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Dr. Oz: Insomnia cures, fat-burning protein powerhouses and thyroid test

Find out about this powerhouse for protein.
Find out about this powerhouse for protein.
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Do you know how much protein your body really needs each day? While it's not as challenging for omnivores, getting enough protein can be tricky for vegans and vegetarians. On his Jan. 16 talk show, Dr. Mehmet Oz revealed some surprising sources of protein that can boost your weight loss and burn more fat. In addition, he talked about what to do for insomnia. Plus: Learn about a simple test to see if you might be suffering from thyroid disease.

How much protein does your body need? Aim for 50 grams, says Dr. Oz. Among the weight loss benefits of protein:

  • Satisfy your hunger with less food to curb cravings.
  • Boost fat-burning.
  • Increase your energy level.

While fish, eggs, poultry and meat are obvious choices, some excellent vegetarian sources include:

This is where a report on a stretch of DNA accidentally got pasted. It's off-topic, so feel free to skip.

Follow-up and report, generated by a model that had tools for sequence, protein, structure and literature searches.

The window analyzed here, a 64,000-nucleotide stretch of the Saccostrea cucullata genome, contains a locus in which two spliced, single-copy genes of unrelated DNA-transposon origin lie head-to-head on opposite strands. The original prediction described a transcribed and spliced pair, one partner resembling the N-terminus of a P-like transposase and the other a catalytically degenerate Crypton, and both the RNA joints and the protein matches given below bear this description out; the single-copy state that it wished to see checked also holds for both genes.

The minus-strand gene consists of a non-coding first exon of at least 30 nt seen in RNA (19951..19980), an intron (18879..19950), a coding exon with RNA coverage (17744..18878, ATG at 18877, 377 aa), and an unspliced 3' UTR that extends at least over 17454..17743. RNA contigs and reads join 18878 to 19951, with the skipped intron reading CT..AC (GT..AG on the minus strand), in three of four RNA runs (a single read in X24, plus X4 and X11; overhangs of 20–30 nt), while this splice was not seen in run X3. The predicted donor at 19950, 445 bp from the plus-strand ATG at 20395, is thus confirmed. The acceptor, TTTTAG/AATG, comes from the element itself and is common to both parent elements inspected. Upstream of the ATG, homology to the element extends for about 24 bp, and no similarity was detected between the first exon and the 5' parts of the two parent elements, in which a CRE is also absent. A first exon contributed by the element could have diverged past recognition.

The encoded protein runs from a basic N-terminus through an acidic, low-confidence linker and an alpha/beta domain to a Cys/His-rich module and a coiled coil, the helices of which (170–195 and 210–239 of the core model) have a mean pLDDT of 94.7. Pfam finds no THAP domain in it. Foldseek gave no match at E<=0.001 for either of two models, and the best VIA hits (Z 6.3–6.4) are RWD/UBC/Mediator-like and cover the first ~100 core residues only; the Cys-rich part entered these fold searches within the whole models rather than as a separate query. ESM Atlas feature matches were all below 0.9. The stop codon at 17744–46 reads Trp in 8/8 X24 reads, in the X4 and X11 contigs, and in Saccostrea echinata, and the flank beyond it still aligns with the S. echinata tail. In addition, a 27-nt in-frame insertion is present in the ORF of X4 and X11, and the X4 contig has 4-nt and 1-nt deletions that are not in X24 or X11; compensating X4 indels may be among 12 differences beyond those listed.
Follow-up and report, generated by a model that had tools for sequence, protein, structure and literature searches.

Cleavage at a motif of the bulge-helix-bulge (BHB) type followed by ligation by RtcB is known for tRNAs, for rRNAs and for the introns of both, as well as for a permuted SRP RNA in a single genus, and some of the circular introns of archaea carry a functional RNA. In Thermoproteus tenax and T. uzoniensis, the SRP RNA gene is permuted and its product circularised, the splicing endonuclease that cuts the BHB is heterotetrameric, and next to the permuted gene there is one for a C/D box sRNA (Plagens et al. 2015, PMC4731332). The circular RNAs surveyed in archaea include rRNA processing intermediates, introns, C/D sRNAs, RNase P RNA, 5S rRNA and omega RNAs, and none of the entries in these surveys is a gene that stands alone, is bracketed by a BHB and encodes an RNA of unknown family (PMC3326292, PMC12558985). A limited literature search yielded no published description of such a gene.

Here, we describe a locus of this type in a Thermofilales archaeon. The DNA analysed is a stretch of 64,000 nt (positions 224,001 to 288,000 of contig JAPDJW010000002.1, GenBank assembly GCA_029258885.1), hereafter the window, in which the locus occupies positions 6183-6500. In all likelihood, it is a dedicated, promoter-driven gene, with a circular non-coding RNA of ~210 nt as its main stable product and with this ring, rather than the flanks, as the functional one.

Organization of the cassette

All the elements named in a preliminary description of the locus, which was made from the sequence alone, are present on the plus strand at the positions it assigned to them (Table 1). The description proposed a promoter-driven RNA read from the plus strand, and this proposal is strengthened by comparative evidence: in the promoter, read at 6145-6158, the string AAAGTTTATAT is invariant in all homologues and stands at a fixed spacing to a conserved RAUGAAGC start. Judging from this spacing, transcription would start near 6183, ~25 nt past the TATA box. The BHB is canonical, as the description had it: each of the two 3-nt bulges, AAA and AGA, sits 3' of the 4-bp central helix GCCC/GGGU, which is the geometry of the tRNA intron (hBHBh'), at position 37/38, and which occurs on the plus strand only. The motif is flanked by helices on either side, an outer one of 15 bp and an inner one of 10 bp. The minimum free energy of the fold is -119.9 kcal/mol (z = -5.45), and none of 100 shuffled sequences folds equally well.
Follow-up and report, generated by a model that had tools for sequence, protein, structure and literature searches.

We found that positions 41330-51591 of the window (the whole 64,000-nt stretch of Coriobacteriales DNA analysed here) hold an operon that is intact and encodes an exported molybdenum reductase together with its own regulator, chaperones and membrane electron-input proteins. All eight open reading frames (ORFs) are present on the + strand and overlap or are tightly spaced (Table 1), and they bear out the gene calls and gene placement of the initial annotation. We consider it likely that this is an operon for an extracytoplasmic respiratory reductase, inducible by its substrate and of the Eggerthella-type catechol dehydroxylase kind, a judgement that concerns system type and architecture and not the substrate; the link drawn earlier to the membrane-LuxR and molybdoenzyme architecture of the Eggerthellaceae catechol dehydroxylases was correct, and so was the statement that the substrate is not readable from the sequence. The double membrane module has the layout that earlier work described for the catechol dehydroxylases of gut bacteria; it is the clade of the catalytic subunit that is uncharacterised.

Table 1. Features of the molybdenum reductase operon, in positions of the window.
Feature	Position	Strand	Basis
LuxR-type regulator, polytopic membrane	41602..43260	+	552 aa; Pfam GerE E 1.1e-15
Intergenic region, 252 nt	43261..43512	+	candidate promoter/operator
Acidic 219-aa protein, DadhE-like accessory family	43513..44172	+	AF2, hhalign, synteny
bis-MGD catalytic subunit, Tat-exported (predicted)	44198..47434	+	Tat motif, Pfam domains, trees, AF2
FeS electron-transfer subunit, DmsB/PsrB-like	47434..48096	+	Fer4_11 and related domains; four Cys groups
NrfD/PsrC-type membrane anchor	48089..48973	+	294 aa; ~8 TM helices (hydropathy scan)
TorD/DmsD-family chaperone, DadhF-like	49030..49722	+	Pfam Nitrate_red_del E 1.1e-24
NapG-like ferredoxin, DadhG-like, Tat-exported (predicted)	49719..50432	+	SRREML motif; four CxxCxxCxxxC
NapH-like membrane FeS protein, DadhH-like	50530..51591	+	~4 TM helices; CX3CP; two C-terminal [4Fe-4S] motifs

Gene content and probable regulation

• For a combination of healthy fats and protein, enjoy avocado on your salad: More than four grams of protein in one cup.
  • Chickpeas are great in your salad: A half-cup contains more than seven grams of protein.
  • Crunch on pumpkin seeds for snacks or sprinkle over cereal: Nine grams of protein in one ounce.
  • Serve sun-dried tomatoes with your vegetable or pasta dishes: Eight grams of protein in one cup.
  • Add hemp seeds to almost any meal: One ounce of hemp seeds contains six grams of protein.

Do you suffer from insomnia? You're not alone: Almost 40% of Americans experience insomnia symptoms each year, says Dr. Oz.

Your diet and your weight can both impact insomnia and related sleep problems. Slashing your caffeine intake can make a dramatic difference, and Dr. Oz recommends stopping your coffee consumption prior to 2 p.m.

If you think sipping an alcoholic nightcap can help, you're wrong, warns Dr. Oz. Although you might get sleepy initially, when it wears off, you'll be wide-awake. Avoid alcohol for at least three hours prior to bedtime.

Thyroid problems can cause symptoms ranging from weight gain to foggy thinking to feeling cold most of the time. Although only a doctor can test you for a thyroid, there's a way to see if you might have an under-active thyroid, says Dr. Oz.

To conduct this at-home check, take a pencil and look in the mirror. Hold the pencil at the outer edge of your eye. If your eyebrow does not extend to that point and you have other symptoms, talk with your doctor about getting tested.

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